Annabelle, the devil doll who is not possessed (got it?), presides over a hyper grab bag of a haunted-house thriller that fails to conjure much fear.
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Director: Gary Dauberman With: Patrick Wilson, Vera Farmiga, McKenna Grace, Madison Iseman, Katie Sarife, Stephen Blackehart, Steve Coulter, Samara Lee, Paul Dean. Release Date: Jun 26, 2019
Official Site: http://bit.ly/Annabelle-Comes-Home
In a country that should probably think about renaming itself the American Entertainment State, fan culture now produces an obsessive level of pop scholasticism, one that can parse the rules and details of movies and TV shows as if they were fine points of law. In a review of a horror movie, I once called a character a zombie who was not, technically, a zombie (he didn’t have the precise credentials to be classified as the living dead), and tons of readers called me out on it. I learned my lesson, even though a stubborn part of me still thinks, “If it walks like a zombie, and talks like a zombie…”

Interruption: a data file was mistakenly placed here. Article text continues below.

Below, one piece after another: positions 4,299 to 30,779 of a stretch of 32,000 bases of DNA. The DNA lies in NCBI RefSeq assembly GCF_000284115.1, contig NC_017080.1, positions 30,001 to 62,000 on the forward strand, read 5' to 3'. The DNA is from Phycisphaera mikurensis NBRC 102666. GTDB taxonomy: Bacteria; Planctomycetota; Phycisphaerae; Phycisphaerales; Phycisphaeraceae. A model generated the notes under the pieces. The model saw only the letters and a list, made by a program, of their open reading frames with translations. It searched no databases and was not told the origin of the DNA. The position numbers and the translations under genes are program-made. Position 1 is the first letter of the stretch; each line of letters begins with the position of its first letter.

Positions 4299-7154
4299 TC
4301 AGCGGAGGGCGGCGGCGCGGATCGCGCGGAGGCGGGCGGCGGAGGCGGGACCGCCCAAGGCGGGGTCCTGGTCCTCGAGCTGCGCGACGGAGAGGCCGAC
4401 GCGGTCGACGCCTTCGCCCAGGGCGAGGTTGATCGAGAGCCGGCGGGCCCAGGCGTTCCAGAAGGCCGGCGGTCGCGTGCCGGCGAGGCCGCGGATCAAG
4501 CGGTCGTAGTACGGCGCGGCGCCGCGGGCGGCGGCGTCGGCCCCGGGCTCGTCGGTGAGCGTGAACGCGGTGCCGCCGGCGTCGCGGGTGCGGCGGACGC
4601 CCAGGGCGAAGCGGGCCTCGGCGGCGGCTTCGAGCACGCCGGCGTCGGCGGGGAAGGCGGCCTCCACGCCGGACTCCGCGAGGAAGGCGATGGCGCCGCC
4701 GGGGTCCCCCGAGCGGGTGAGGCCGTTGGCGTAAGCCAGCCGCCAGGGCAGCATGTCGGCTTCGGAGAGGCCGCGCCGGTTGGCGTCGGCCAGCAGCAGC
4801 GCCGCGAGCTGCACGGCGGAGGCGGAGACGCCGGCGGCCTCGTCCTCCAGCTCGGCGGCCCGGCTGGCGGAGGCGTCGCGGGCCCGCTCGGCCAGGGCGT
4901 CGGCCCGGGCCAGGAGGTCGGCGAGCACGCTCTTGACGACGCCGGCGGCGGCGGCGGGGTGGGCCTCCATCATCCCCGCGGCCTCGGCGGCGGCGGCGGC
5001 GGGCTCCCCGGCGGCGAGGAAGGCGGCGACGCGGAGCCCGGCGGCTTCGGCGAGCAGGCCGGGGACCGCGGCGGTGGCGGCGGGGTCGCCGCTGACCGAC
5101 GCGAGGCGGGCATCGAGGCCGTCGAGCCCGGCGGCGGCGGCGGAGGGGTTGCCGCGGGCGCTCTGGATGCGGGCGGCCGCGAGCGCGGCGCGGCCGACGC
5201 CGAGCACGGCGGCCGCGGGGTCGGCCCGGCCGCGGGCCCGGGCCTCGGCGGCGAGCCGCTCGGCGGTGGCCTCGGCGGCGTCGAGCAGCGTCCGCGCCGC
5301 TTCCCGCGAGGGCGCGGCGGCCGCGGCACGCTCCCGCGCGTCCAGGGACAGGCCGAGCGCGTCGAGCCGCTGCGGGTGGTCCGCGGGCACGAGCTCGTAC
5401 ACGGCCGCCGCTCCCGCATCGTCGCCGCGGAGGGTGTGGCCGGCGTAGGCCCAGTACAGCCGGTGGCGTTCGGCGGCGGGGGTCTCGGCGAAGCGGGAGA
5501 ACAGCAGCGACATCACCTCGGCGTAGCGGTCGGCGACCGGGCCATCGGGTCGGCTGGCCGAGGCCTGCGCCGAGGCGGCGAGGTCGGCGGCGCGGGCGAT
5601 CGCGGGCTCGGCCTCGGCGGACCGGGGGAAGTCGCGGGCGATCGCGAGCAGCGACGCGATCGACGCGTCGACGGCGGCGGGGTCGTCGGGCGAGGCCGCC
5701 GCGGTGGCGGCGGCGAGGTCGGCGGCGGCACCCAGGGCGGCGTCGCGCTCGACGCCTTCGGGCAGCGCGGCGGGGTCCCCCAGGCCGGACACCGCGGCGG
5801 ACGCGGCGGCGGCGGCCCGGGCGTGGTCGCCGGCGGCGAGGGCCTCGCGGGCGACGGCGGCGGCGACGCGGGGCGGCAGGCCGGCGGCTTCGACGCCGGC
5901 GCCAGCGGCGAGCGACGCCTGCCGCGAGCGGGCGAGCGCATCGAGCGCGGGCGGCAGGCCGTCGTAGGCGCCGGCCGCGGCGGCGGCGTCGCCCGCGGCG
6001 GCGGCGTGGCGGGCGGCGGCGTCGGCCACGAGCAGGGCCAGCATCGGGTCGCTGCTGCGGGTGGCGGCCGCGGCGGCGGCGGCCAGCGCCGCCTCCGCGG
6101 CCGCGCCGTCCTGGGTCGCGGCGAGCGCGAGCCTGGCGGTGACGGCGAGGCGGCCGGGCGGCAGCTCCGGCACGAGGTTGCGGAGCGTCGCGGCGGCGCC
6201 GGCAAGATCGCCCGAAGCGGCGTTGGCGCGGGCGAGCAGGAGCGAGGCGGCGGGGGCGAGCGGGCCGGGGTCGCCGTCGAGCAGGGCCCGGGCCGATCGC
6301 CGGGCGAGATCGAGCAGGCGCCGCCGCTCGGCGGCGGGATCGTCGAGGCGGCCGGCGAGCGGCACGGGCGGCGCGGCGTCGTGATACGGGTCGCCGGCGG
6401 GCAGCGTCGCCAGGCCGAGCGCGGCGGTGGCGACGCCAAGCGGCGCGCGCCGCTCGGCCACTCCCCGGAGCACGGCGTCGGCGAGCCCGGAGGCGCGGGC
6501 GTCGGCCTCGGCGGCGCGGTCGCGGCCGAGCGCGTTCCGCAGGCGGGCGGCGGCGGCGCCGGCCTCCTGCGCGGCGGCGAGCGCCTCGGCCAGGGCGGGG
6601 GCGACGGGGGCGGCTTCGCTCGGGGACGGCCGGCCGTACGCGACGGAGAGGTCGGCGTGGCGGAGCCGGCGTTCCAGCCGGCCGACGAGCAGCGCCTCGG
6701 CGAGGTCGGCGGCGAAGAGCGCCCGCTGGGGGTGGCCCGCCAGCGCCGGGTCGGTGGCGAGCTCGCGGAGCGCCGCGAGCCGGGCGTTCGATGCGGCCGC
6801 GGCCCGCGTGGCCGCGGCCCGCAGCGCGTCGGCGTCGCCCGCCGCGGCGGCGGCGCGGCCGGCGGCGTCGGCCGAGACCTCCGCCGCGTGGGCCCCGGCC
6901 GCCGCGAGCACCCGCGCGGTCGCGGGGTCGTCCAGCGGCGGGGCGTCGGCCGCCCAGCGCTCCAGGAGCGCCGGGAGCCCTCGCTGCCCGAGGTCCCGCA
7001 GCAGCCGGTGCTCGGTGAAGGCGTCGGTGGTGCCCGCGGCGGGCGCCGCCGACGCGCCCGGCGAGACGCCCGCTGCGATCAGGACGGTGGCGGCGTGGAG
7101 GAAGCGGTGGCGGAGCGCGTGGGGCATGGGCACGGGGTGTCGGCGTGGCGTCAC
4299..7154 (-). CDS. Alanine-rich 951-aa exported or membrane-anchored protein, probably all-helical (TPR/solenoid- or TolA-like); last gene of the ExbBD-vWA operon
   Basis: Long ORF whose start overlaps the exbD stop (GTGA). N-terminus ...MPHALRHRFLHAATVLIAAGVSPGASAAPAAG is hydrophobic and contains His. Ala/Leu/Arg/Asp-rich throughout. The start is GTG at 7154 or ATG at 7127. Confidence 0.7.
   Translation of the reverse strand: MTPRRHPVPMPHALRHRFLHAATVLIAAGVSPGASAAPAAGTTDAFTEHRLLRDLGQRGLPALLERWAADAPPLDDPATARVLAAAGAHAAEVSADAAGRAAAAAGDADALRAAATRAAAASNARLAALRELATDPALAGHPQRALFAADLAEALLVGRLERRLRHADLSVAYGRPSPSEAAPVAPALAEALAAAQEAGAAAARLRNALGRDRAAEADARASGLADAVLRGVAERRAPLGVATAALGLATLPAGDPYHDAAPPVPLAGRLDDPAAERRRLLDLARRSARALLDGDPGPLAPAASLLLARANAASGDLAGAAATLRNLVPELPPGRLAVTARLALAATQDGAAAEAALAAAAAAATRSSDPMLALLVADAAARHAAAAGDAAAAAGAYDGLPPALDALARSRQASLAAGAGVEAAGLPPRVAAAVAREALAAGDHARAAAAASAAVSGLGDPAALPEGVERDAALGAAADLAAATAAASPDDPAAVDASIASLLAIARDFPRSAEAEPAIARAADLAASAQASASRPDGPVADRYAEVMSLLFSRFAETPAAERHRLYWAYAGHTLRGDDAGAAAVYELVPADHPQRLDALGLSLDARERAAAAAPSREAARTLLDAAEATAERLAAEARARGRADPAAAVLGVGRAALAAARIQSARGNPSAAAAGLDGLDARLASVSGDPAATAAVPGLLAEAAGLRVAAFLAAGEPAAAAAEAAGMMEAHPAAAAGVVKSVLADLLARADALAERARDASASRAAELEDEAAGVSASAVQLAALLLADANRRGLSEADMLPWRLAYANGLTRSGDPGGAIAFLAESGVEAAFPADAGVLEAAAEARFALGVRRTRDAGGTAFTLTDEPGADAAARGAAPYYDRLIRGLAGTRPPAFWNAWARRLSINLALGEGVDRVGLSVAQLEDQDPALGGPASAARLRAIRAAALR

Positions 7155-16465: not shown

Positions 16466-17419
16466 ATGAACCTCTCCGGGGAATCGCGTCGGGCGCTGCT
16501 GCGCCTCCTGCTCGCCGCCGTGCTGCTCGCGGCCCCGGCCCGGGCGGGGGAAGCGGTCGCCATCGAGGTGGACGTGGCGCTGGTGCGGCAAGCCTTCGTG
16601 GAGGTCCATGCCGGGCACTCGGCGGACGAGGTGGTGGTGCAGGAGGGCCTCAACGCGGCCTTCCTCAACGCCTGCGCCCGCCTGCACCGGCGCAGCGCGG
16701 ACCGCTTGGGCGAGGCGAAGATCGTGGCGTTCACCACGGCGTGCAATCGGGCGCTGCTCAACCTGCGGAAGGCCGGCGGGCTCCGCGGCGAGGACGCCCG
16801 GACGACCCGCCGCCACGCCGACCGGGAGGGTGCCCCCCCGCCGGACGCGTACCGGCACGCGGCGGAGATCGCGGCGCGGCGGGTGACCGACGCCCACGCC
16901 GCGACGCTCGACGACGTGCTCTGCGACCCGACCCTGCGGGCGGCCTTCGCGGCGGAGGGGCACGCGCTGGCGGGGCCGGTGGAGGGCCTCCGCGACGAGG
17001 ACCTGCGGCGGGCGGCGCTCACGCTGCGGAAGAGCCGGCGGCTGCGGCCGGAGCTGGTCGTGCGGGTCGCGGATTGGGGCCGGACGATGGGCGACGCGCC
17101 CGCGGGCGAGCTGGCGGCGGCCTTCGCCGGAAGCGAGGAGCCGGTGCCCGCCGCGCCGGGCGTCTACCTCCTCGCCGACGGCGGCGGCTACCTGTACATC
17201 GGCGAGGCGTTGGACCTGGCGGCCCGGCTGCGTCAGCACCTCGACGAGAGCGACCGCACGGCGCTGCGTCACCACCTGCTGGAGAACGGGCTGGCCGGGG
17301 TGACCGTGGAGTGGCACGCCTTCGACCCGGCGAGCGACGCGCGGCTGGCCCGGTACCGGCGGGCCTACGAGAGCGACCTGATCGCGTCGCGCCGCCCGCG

There’s a comparable bit of pesky Talmudic niggling woven into the premise of the “Annabelle” films, of which “Annabelle Comes Home” is the third, and maybe the most hyper and generic. Annabelle is one of those creepy Victorian dolls that has been a staple of horror films for decades. In her bangs and red-bowed pigtails, with a sallow face marked by sunken but popping eyes, bloody scratches, and a ripe smile, she bears a marked resemblance to the ventriloquist dummy in the 1978 Anthony Hopkins psycho thriller “Magic.” That fixed grin of hers promises a great deal of mischief, and “Annabelle Comes Home,” in its almost completely haphazard and what-the-hell-let’s-go-to-hell way, delivers it.